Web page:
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Top 10 Security Risks in Web Applications

  • Difficulty Level : Basic
  • Last Updated : 15 Jun, 2021

In today’s world, due to huge advancements on the internet, we can find anything and everything on the internet. Need something good to eat? Order food online, and it gets delivered in a few minutes. Want to buy some clothes? Order online! Not only products, but we can also book services online and even make payments. But all this is built upon modern applications be it web or mobile. Since we are heavily dependent on these websites, we do not mind storing our personal data or even financial details like credit card numbers, etc. on the web application. But sometimes this results in a great loss in terms of data and reputation. 

Top-10-Security-Risks-in-Web-Applications

During the Covid-19 scenario, we have seen that the Internet is the backbone of everything, be it office meetings, online classes, virtual appointments of doctors, and a lot more. We are heavily dependent on web applications and the services and products that come with them. No physical contact has even pushed more and more sellers or service providers online. But this has also increased a huge amount of security threat that comes with it. The security of our data depends upon the website we are storing our information on. Recently, there has been a surge in security attacks, even the biggest brands couldn’t escape them. A few examples of recent breaches are Microsoft Exchange (March 2021), Facebook and LinkedIn (January and March 2021), Clubhouse (April 2021), Bose (May 2021). Therefore, protecting your web applications is of utmost importance, and today we are going to discuss the top 10 security risks that are associated with web applications so that you can take the necessary steps to prevent them!

1. Injection

Injection or SQL injection is a type of security attack in which the malicious attacker inserts or injects a query via input data (as simple as via filling a form on the website) from the client-side to the server. If it is successful, the attacker can read data from the database, add new data, update data, delete some data present in the database, issue administrator commands to carry out privileged database tasks, or even issue commands to the operating system in some cases.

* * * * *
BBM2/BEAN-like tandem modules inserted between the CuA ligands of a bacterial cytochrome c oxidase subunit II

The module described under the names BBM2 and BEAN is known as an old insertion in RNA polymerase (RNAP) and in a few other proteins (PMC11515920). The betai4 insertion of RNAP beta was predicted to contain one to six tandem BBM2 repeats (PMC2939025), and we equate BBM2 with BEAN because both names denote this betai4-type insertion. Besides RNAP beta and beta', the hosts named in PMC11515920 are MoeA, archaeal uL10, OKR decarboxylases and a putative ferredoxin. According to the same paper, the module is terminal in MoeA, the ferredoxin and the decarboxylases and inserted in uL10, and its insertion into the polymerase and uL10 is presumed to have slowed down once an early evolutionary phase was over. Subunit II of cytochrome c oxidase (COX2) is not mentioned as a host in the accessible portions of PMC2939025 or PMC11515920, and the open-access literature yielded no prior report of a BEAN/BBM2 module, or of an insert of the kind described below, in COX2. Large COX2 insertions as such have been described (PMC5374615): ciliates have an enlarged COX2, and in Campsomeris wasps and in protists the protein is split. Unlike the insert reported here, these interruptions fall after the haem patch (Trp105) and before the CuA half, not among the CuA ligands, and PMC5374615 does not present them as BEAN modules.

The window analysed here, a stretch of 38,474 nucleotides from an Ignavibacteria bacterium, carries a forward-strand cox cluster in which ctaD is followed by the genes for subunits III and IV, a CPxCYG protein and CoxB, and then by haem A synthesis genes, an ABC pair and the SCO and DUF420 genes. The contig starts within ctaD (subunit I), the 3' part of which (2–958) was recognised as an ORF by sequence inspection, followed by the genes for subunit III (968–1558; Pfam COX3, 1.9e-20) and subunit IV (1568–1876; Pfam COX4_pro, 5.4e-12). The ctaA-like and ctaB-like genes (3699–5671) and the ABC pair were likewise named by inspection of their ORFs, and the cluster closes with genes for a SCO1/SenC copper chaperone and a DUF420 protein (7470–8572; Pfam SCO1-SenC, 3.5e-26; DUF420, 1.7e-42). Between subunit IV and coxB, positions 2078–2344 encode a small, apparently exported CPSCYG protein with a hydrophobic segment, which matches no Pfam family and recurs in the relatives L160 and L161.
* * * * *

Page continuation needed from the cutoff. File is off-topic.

2. Broken Authentication

It is a case where the authentication system of the web application is broken and can result in a series of security threats. This is possible if the adversary carries out a brute force attack to disguise itself as a user, permitting the users to use weak passwords that are either dictionary words or common passwords like “12345678”, “password” etc. This is so common because shockingly 59% of the people use the same passwords on all websites they use. Moreover, 90% of the passwords can be cracked in close to 6 hours! Therefore, it is important to permit users to use strong passwords with a combination of alphanumeric and special characters. This is also possible due to credential stuffing, URL rewriting, or not rotating session IDs.



3. Sensitive Data Exposure

As the name suggests, this means that sensitive data stored is leaked to malicious attackers. This information can include personal data like name, address, gender, date of birth, personal identification numbers like Aadhar card number or SSN, etc., financial data like account number, credit card numbers, health-related information, etc. This can result in a monetary loss if the attacker uses the financial information of users to carry out online payments (in most cases to cryptocurrency), identity theft, and reputation loss.